Driving Online Sales
How can you drive online sales through measuring the right activity?
Research ‘marketing’ or ‘sales funnels’ on Google and you’ll find a vast range of terms to describe how you get somebody to visit your web site, evaluate your product or service before buying or requesting a quote. We can summarise these as raising awareness, developing an interest, considering your offer and deciding to purchase. So lets looks at the key performance indicators (KPIs) or metrics you should request from your marketing and sales teams to focus on the right activity and drive online sales.
If you collect KPIs at each stage in this journey you’ll get a better idea of what’s working and what isn’t. Armed with this, you can focus on activities that are working, develop those areas that need to work better and so ultimately drive growth in sales.
Your web site should act as the core to your digital marketing activities that create awareness:
- Being found. (Inbound Marketing, Search Engine Marketing, Content Marketing, Earned Content)
- Attracting attention. (Paid advertising – Pay Per Click Advertising on Google, Banner Advertising on popular web sites, Paid Content, Social Media advertising)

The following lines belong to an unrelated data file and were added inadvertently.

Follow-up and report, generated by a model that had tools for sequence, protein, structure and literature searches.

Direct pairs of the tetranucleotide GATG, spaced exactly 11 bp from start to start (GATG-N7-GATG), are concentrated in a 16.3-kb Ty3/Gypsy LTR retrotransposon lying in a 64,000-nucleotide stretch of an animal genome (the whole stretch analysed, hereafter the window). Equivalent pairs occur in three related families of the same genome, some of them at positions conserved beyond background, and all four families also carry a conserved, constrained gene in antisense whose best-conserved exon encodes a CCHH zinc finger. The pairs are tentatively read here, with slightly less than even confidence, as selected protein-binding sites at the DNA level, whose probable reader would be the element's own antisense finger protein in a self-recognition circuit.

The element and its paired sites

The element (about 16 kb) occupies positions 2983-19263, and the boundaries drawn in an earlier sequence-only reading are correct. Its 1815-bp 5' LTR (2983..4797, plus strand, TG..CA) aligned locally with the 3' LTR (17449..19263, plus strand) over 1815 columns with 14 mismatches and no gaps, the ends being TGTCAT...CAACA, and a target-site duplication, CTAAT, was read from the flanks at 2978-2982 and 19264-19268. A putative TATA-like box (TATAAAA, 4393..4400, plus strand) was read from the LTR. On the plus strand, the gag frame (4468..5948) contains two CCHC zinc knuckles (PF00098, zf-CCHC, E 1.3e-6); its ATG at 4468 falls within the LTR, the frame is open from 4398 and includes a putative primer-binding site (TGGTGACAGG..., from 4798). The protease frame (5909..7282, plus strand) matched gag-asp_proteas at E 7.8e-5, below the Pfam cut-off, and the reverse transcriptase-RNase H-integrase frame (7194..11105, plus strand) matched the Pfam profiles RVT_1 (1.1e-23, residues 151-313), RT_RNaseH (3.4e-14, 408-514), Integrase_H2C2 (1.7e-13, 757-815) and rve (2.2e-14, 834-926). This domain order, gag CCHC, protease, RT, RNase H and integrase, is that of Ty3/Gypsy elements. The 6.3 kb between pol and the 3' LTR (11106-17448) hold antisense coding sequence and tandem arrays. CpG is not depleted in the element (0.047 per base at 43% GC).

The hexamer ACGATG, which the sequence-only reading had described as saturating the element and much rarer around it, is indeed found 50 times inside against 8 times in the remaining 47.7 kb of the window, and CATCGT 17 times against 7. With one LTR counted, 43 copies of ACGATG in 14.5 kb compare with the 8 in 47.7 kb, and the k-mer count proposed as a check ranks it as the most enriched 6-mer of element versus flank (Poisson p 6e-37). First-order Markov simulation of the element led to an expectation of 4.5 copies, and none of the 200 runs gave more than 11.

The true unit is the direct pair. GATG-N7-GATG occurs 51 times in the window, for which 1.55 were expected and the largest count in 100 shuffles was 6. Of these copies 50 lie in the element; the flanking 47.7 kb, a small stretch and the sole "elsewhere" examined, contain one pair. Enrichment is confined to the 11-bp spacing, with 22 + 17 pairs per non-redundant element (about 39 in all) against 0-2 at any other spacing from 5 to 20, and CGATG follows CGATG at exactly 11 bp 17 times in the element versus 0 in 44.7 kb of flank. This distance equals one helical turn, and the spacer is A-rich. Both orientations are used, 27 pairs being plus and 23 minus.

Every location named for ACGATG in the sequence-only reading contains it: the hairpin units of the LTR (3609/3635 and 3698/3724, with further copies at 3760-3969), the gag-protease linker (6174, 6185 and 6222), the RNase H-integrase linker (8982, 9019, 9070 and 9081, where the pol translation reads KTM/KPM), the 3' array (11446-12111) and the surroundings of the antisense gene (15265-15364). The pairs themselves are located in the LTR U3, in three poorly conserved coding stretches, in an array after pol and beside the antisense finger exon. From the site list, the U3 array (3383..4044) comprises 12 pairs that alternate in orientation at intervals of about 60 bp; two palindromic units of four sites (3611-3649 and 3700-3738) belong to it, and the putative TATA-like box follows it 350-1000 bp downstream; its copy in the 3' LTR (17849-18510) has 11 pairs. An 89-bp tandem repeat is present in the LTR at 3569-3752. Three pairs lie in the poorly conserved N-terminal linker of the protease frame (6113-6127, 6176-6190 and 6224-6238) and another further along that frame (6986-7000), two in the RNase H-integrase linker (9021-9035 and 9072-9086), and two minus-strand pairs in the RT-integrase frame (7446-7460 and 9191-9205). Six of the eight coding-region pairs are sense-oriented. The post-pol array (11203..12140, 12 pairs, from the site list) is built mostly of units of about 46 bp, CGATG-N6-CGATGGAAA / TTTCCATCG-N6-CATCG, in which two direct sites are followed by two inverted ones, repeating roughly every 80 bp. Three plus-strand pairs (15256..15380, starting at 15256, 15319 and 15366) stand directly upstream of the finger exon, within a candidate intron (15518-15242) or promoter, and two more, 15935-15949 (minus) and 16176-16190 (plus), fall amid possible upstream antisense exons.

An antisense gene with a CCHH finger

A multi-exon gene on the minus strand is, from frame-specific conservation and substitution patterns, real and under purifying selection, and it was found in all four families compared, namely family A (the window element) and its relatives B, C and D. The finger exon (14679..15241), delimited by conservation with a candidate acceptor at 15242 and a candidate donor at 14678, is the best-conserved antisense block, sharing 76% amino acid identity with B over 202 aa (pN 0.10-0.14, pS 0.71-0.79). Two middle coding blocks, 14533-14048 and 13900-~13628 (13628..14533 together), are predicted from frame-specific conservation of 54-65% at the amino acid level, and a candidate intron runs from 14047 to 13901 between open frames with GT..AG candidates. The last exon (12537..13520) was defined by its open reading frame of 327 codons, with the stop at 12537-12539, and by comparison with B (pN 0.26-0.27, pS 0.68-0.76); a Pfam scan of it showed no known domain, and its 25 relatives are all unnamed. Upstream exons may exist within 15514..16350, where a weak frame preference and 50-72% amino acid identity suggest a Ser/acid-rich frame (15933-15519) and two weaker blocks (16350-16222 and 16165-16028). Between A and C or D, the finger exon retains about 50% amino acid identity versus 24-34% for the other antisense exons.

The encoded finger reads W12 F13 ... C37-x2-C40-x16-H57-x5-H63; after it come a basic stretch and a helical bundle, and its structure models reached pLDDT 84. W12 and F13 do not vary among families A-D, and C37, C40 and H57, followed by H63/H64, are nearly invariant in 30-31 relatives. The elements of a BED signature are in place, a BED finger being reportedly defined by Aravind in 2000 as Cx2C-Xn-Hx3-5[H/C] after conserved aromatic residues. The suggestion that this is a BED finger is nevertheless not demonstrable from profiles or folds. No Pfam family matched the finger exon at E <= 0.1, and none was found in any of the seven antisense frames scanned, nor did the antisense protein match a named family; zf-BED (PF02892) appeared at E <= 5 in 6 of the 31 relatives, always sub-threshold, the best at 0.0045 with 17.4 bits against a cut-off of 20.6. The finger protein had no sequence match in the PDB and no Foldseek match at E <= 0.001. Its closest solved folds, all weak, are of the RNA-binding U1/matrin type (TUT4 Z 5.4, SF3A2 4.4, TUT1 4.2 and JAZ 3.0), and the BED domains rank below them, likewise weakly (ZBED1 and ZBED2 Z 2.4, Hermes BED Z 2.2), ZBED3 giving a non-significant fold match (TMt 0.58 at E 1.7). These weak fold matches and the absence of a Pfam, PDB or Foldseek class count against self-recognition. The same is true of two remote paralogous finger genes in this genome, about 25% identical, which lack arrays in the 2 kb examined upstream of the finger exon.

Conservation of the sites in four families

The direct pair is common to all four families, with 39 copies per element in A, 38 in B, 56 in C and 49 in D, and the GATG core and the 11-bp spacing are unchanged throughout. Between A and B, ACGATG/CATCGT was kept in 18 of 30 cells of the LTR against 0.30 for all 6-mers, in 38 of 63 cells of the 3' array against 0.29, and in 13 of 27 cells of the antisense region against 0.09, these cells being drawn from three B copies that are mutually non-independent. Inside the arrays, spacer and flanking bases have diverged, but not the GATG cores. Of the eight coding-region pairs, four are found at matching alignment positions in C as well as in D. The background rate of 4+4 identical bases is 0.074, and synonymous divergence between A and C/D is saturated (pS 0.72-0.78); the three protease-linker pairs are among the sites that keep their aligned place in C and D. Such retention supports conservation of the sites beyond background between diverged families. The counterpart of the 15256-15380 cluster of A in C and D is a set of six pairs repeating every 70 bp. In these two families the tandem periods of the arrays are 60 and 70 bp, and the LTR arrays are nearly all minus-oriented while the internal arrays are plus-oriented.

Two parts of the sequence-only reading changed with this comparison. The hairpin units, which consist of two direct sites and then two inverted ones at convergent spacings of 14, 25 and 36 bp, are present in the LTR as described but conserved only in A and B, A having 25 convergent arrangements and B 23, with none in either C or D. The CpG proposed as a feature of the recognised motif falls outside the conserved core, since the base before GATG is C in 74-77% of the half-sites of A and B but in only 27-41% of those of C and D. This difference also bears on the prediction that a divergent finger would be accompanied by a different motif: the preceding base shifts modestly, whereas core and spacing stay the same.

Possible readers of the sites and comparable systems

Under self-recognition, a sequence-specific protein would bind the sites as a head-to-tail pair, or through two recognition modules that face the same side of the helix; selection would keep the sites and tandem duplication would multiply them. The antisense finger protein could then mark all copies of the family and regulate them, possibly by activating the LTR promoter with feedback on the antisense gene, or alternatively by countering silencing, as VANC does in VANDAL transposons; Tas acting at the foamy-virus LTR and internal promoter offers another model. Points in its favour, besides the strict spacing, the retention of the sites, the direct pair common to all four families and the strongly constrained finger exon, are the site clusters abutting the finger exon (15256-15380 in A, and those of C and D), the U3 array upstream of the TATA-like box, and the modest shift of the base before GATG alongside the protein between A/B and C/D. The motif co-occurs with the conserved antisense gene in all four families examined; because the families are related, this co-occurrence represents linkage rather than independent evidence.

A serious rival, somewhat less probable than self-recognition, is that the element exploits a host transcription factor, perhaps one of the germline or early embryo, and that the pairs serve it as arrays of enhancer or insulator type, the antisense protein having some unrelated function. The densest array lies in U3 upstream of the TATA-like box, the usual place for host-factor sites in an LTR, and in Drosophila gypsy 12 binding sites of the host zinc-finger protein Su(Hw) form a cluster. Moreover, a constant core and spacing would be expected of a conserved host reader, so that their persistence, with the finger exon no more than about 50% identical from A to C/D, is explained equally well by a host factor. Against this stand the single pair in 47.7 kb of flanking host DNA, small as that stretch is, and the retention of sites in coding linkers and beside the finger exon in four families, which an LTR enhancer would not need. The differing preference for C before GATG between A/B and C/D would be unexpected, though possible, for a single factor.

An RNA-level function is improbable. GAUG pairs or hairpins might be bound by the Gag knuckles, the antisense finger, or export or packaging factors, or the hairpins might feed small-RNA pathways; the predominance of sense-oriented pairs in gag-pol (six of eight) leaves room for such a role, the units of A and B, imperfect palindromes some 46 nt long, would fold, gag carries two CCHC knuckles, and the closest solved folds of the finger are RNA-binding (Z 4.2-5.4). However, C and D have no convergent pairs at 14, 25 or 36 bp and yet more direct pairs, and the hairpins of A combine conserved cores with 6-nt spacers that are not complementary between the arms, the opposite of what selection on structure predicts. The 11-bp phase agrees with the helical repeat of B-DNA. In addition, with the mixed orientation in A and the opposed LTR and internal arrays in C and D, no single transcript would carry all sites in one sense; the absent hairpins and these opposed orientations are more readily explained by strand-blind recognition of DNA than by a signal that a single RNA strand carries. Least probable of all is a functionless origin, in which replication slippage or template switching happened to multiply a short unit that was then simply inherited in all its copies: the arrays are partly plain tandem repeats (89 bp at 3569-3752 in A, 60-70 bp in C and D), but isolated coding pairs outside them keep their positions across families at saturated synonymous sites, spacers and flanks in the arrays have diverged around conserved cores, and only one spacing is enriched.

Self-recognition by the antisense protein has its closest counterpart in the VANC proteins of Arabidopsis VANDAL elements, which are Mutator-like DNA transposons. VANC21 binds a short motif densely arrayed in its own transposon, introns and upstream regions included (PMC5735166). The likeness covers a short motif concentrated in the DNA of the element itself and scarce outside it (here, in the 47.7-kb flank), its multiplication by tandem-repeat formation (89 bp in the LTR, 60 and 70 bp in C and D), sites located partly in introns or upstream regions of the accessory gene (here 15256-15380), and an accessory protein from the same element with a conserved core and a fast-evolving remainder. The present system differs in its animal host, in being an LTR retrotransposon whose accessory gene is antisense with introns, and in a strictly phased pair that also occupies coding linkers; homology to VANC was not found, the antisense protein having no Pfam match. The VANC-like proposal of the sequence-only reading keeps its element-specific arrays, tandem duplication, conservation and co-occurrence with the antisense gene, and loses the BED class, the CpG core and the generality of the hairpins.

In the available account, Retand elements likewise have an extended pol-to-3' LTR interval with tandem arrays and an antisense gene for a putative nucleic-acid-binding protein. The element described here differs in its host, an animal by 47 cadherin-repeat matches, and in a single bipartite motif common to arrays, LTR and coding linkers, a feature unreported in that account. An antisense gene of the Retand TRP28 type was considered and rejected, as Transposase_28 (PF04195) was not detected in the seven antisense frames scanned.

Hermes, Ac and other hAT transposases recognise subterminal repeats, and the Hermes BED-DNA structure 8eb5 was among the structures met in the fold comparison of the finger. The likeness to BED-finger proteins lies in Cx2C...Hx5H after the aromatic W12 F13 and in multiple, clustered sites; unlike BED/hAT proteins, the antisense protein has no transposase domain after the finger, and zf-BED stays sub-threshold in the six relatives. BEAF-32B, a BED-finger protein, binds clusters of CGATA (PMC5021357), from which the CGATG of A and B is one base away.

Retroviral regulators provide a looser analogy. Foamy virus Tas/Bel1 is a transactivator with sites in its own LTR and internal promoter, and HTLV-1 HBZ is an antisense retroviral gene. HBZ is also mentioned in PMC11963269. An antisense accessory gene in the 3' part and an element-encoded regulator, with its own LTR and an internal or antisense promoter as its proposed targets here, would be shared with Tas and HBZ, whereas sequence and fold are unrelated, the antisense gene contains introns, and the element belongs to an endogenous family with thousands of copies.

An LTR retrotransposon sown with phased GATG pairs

- Raising awareness & engagement with prospective customers (Social Media Groups, Blogs)
- Brand recognition and referral. (How many people search for you using your brand name or simply type in your web site address?)
- Number of your top keywords on the first page in Google. (Can you be found?)
- Goal conversions (How much does it cost to bring a visitor to your site and convert them to an action that will lead to a sale?)
- (How many people have seen your latest blog/news/case study on social media?)
Once your potential customers are aware of what of you do, you need to develop their interest. Prospective customers may show interest through the following:
- They find you through the search engines and then spend time browsing your website.
- They subscribe to your email list and click on the links in the email to go to interesting articles on your site.
- They see an article from you on social media and go to your site or blog to read more.
- Number of website visitors.
- Bounce rate. (Do they go to another page after landing on the page they found?)
- Email subscriptions. (Do people want to hear from you again about what you do?)
- Engagement. ( this shows how many people were interested in the latest information you sent out, be it a post on Facebook, video on Youtube, article on LinkedIn, etc. The focus here is to find out how many people reacted to your content.)
Now that your prospective customers are aware of what you do, you must ensure they have everything they need to make a buying decision.
This is an important phase in the customer journey. With so much information on your competitors’ products and services at their fingertips, prospective customers can look around until they find what they want. You need to really project how you are different and are the right choice.